Want to Go to Pastry School?


I get a lot of e-mails asking about my experience with going to a professional pastry school, how to pick a good pastry school, and whether or not to go to pastry school. Excellent questions, all of them. I finally decided to gather all my thoughts together and put them down on this page. I hope you find this helpful and perhaps you’ll learn a little bit more about where pastrygirl came from!

8/17/13: Make sure to read my post about the recently launched San Francisco Cooking School – they offer both a full-time and part-time pastry program taught by James Beard award-winning pastry chef Nicole Plue.


What made you decide to go to pastry school? Where did you go to pastry school?
About 5 years ago, I was at my totally non-baking-related day job thinking about what I was going to bake that weekend. I’d been slowly moving up from my Betty Crocker and Better Homes cookbooks to fancier tomes featuring layer cakes and puff pastry, and I realized I really wanted to learn about the art of pastry – more than I was getting just by reading cookbooks at home.


I wanted someone who could critique my technique so my tart crusts would come out thin and crisp, my cake layers light and fluffy; someone who could answer my questions about what role eggs played in baking and fill in my knowledge gaps; most of all, I wanted someone to talk to who loved baking as much as I did!

I decided the answer was to take a course in pastry. I’d already taken cooking classes from various organizations but I wanted to get a full, comprehensive education this time. I went and researched the programs available in the San Francisco Bay Area, and I decided on the part-time professional pastry program at Tante Marie’s Cooking School.  I chose Tante Marie for several reasons: the program was only part-time, meaning I would not have to leave my day job (and I needed that job to pay for pastry school!); when I visited the school I was impressed by the facilities, the class size, and the instructor (current students I talked to also commented positively on the program); and the cost of the program was one I could afford and which seemed commensurate with what I would gain from the program (I address this topic more specifically below).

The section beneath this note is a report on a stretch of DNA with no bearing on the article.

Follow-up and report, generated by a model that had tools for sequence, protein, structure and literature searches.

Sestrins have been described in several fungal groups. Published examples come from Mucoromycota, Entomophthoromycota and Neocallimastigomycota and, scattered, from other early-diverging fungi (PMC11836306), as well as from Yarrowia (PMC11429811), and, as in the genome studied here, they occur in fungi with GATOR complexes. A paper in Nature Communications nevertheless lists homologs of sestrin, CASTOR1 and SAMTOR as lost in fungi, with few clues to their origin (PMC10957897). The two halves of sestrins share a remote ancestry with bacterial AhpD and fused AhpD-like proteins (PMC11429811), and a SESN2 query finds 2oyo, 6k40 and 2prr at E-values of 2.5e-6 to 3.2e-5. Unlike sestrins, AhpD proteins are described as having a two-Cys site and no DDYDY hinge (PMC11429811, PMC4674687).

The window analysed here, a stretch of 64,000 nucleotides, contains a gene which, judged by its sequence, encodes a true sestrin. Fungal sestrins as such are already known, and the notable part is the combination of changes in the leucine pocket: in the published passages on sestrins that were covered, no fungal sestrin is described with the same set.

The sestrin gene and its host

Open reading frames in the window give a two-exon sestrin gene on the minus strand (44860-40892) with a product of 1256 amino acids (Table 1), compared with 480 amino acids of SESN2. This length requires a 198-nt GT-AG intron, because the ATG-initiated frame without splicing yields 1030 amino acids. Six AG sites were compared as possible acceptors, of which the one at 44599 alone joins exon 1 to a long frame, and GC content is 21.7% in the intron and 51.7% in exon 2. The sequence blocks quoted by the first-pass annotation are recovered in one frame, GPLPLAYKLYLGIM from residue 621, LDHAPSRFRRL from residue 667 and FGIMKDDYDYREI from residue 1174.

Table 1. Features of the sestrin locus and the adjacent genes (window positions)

I sent in my application with my fingers crossed and waited anxiously for a few months – when I was notified that I would be part of the new class in fall it was one of the best days of my life.


What was your experience in pastry school like?
I had a wonderful time in pastry school. I always tell people it’s one of the best things I ever did, not simply in terms of entering the pastry profession or even becoming a better baker, but as something I did for just for me. It brought me a lot of happiness to be doing something I loved, getting better at it, and being surrounded by like-minded people. That said, it was more challenging to balance a full-time job with pastry school than I expected. The pastry course was six months long, and we had class two nights a week plus every other Saturday (all day). Our classes were usually structured with a lecture/demo for the first hour and then the rest of the class time devoted to actual baking and a critique at the end. We had midterms, reports, and a final project. Long time readers will probably not be surprised to know that I did a tribute to Pierre Hermé as my final project.


My instructor, Rachel, was a very talented pastry chef who had worked under Fran Gage of San Francisco’s Pâtisserie Française. Rachel made the most beautiful wedding cakes and later left Tante Marie to open her own shop. I found her a very knowledgeable and sympathetic teacher; with a small class size of 14 people you always had the chance to speak one on one with her and get your questions answered. Our curriculum spanned all the basics of French pâtisserie, from custards to tarts to cakes to laminated doughs. We were given copious reference notes and recipes – the binders holding all that material is still the biggest “cookbook” I own!